ArcWatch: Your e-Magazine for GIS News, Views, and Insights

December 2009

Singapore Masters Land-Use Planning Using GIS

By Matt Freeman, Esri Writer

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Singapore's Urban Redevelopment Authority uses GIS for its short- and long-term planning of the Marina Bay cityscape.

Singapore faces immense challenges in its land-use planning that stem from the fact that almost five million people live and work within a land area of 710 square kilometers (274 square miles). Given its small size, it's important to carefully plan for the economic growth and future development of the island nation. That's why Urban Redevelopment Authority (URA), Singapore's national land-use planning agency, relies on GIS to find new ways to minimize development constraints.

The result of the URA's GIS-based planning can be seen in two key plans, the concept plan and the master plan, both of which provide a comprehensive, forward-looking, integrated framework for sustainable development.

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The master plan came to fruition through careful GIS-based planning and design, such as seen here in the Building Height Control layer.

Esri's ArcGIS Server and ArcGIS Desktop software was used to create the plans, while the ArcMap application inside ArcGIS Desktop was customized to fit the workflow needs of the URA. The new workflow system has enhanced productivity through better data integration and more accessibility than had been provided by the CAD system that URA abandoned in 2006. Since switching to a server GIS platform in that same year, more URA employees can access needed data without having to pay for multiple CAD-based desktop licenses. Meanwhile, GIS data is diffused through better access to fundamental workflow tools, such as simple data retrieval services or editing applications.

URA takes advantage of an enterprise GIS called LandNet to obtain the geospatial data it needs to create maps for designing the concept and master plans. Hosted by Singapore Land Authority, LandNet is a server GIS-based repository containing more than 100 layers of geospatial data contributed by more than 14 public agencies. Using the shared data from LandNet and the functionality in Esri's ArcGIS software, the URA can create, edit, and publish concept and master plan maps on the Web for employees and the general public to view. URA has 200 professionals working on the master plan alone, all of whom can access data concurrently.

The master plan is a land-use plan that guides Singapore's development 10 to 15 years into the future. It is reviewed every five years and translates the broad, long-term strategies of the concept plan into detailed plans to guide development. Like the concept plan, the master plan is produced collaboratively among many government agencies in Singapore.

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The Landed Housing Areas layer is URA's desktop application for visualizing the height of residential structures.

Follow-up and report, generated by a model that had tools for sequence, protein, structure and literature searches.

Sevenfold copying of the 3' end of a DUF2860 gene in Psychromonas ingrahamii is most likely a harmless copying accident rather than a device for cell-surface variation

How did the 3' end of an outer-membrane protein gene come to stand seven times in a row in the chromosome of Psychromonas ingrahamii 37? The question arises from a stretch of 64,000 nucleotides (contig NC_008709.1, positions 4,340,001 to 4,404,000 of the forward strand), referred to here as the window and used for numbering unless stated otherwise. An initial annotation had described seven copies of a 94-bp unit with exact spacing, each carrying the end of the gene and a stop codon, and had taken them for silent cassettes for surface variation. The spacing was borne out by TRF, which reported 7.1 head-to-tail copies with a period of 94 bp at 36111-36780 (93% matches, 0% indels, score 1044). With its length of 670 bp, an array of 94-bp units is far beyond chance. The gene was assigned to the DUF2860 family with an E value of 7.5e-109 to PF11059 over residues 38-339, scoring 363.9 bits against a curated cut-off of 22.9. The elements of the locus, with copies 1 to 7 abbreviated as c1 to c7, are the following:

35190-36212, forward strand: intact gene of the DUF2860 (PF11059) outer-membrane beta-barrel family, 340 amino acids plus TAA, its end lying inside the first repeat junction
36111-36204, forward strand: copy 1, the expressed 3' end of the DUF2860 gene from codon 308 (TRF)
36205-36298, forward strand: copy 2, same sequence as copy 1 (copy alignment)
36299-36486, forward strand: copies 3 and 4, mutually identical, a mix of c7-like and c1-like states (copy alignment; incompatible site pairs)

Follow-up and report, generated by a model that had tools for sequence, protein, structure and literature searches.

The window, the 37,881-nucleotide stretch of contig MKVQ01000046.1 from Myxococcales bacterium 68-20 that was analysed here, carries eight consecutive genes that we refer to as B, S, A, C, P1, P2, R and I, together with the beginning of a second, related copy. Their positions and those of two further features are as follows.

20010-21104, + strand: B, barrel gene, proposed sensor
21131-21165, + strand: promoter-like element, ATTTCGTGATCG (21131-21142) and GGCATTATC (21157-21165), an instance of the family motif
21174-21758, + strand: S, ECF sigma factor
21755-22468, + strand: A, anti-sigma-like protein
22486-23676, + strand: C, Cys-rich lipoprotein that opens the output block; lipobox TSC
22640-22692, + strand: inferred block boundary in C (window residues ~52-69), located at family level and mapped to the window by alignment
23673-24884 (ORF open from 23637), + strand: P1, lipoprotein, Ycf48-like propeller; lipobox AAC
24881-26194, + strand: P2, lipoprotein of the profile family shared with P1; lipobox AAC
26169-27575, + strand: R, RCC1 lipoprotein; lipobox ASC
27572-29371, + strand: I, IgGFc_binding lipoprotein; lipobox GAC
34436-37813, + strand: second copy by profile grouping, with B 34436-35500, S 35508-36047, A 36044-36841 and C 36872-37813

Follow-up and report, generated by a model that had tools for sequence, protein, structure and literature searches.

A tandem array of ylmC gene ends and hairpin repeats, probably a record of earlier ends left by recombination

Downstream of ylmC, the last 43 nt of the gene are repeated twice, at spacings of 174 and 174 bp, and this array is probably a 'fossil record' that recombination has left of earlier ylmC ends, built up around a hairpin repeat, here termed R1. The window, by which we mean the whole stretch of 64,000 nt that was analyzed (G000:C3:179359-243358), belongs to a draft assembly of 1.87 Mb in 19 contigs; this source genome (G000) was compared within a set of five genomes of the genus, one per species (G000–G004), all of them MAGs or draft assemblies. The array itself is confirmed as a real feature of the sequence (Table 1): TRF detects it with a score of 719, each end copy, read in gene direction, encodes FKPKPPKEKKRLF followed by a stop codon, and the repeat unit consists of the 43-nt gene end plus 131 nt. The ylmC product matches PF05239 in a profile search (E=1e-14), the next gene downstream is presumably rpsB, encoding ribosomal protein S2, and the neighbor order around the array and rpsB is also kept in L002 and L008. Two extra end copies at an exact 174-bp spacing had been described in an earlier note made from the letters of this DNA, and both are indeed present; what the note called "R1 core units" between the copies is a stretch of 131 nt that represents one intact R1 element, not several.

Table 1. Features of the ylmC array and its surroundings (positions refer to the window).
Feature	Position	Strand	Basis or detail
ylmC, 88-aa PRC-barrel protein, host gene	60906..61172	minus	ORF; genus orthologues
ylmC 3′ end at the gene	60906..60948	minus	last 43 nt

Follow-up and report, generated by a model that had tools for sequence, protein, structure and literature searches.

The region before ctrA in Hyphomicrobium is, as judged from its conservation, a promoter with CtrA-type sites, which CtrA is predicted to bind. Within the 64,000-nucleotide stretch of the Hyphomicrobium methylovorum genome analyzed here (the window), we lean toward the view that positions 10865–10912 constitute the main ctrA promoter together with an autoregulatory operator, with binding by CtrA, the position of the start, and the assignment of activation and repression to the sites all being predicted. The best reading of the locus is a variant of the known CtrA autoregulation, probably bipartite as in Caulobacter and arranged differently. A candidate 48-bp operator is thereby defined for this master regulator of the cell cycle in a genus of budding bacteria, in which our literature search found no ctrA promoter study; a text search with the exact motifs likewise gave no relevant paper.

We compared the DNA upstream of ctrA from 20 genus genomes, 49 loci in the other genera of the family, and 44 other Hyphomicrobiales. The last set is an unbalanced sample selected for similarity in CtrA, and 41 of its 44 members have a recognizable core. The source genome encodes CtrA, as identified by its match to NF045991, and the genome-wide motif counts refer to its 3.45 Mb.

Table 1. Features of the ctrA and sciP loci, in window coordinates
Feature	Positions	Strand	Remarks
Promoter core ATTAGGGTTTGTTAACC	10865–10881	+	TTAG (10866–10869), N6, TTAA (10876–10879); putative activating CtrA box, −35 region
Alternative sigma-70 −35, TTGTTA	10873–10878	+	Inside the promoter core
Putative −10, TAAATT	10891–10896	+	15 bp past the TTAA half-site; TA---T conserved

The 2008 master plan is unique in that it took suggestions from Singapore's citizens into consideration before it was finalized. Since the URA could easily publish maps and plans on the Internet, the agency invited the public to give feedback on the rough draft of the master plan. From May through August 2008, more than 40,000 people visited the master plan Web site to view and comment on the GIS maps of the master plan.

The concept plan is Singapore's strategic land-use and transportation plan to guide development 40 to 50 years into the future. This long-term plan, which will be analyzed and reviewed every 10 years, ensures that there will be sufficient land to meet anticipated population and economic growth and provide a good living environment. It also ensures that future development will balance economic growth with environmental stewardship and social progress.

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In the desktop environment, the master plan contains a land-use layer, which has assigned attributes to each parcel and polygon.

"There is great value in the ability for citizens to quickly access the maps to determine planned land use surrounding their properties," says Tan Chia-li, URA senior planner. "For average citizens, the master plan is a glimpse into their future. They can envision their community, their nation's progress, and development down to the block level. The master plan lets people peer through a window five years into the future."

For the past 40 years, Singapore has prided itself on sustainable development, which has allowed it to achieve the economic growth that citizens appreciate. By planning ahead and balancing land-use needs, land-scarce Singapore believes it can continue to meet development and economic objectives without sacrificing a good quality of life.

For more information, contact Goh Chye Kiang, senior systems analyst, Singapore Urban Redevelopment Authority, at, or Tan Chia-Li, senior planner, Singapore Urban Redevelopment Authority, at

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